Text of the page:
BY KRISTEN BUCKLES
In Tennessee, if someone writes in a name when casting his or her ballot, the local Election Office where the vote is cast will only count that name if there is a candidate with a corresponding name who has filed a write-in candidacy form.
This procedure came as news to environmentalist and former actress Park Overall, who was one of several candidates in the state Democratic Party Primary election for U.S. Senator.
Overall was defeated in the Primary Election in August by Mark Clayton, who went on to be defeated by Republican incumbent Sen. Bob Corker in the General Election on Nov. 6.
After Clayton won the primary in August, however, he was almost immediately disavowed by the Tennessee Democratic Party for having volunteered with Falls Church, Va.-based Public Advocate of the United States, which describes itself as a conservative advocacy group for issues such as traditional marriage between a man and a woman.
The Southern Poverty Law Center, a nonprofit organization, has termed the organization a "hate group" because of its positions on issues related to homosexuality.
After disavowing Clayton, the official party nominee based on the primary, Democratic Party leaders urged Democrats across the state to write in their candidate preference for U.S. Senator rather than voting for Clayton.
Following the Nov. 6 general election, Overall said she received numerous communications from her primary supporters saying that they wrote her name in on the ballot.
Curious, she contacted Secretary of State Tre Hargett by email and requested to know the number of people who wrote in her name when they cast their ballots that Tuesday.
Hargett responded, explaining that the county-based election offices and the State Elections Office would not be able to tally such votes since Overall had not filed a write-in candidacy.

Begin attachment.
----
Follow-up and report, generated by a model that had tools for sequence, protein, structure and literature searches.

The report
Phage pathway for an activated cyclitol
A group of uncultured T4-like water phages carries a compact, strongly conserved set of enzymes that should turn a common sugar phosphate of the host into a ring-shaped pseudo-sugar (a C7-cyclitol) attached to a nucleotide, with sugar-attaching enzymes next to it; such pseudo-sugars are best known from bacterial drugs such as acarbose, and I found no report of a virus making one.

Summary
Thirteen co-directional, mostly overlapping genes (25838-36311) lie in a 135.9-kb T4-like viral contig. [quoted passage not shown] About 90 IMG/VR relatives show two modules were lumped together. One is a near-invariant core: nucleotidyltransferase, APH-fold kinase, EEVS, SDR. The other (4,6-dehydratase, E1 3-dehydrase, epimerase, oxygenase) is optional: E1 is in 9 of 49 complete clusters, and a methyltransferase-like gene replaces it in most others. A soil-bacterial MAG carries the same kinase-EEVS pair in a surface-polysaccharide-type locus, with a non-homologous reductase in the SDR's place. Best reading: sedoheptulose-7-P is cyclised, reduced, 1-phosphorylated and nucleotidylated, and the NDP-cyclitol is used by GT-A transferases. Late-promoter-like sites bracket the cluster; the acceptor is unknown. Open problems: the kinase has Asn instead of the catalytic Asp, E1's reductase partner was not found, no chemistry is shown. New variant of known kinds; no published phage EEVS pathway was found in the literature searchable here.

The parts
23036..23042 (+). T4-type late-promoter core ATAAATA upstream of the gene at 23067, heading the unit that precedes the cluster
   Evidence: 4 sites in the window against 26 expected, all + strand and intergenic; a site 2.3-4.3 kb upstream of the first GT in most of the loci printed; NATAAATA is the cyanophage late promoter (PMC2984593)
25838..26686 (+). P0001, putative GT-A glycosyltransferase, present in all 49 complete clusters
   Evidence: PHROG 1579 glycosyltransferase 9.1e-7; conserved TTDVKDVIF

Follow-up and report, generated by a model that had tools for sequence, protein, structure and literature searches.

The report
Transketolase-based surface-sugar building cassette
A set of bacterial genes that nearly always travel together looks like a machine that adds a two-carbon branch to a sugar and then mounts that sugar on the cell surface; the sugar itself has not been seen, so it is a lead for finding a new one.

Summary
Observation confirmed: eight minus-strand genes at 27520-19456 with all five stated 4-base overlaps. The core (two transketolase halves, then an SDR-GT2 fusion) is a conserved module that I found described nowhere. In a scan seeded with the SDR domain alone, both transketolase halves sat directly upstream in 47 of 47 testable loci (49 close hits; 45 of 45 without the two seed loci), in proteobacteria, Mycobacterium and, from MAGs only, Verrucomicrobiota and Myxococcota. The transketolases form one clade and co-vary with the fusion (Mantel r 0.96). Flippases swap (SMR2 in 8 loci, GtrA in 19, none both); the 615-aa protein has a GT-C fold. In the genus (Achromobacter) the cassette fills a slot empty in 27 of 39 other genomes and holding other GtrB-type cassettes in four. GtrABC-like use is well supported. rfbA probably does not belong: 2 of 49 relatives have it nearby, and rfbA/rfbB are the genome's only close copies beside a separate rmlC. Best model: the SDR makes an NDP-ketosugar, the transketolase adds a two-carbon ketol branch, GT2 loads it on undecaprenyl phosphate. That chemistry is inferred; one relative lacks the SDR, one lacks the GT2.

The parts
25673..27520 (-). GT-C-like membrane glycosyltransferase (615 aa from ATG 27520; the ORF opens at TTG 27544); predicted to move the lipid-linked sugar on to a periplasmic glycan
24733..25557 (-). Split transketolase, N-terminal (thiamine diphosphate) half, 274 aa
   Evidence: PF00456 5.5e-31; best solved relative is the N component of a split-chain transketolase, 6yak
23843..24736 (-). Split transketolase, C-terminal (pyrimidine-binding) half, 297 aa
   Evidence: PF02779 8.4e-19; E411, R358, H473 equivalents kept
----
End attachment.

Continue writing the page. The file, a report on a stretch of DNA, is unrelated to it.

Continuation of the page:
The shock and surprise of that response was evident as Overall replied back, asking that Hargett provide the information on the basis that "no one has the right to suppress the outcome of any election."
This polite back-and-forth continued for a few emails, with the most recent that has been made available to The Greeneville Sun having come from Hargett's office, in which he directs Overall to TCA 2-7-133 (i):
"Any person attempting to be elected by write-in ballots shall complete a notice requesting such person's ballots be counted in each county of the district no later than twelve o'clock (12:00) noon, prevailing time, fifty (50) days before the general election.
"Such person shall only have votes counted in counties where such notice was completed and timely filed. The notice shall be on a form prescribed by the coordinator of elections and shall not require signatures of any person other than the write-in candidate requesting ballots be counted.
"The coordinator of elections shall distribute such form to the county election commissions. Upon timely receiving the notice required by this subsection (i), the county election commission shall promptly inform the state coordinator of elections, the registry of election finance, as well as all other candidates participating in the affected election.
"A write-in candidate may withdraw the notice by filing a letter of withdrawal in the same manner as the original notice was filed no later than the fifth day before the election."
"I've had several emotional supporters who gave a little money who simply want to know how we did," Overall said in a telephone interview on Tuesday. "I'm very upset."
Considering the short period in which she campaigned before the primaries, Overall even questioned if she would have known to give the Election Office 50 days advance notice.
She did say that she could understand some of the likely reasonings for the law: that it would cut down on their work, and that it would be difficult to count write-ins for the correct person for common names such as "Tom Smith" if they had not filed their candidacy.
However, her objections remain.
"The vote should always be exposed and open," she said.
"I don't know why they don't want to tell me. It would just be interesting to see."
While Overall said she will probably not pursue the matter, she did indcate that she would like to have a legal opinion on the matter.
"The vote should be open, that's all," she said. "If Big Bird got a vote, then we should know.
"That's how I feel."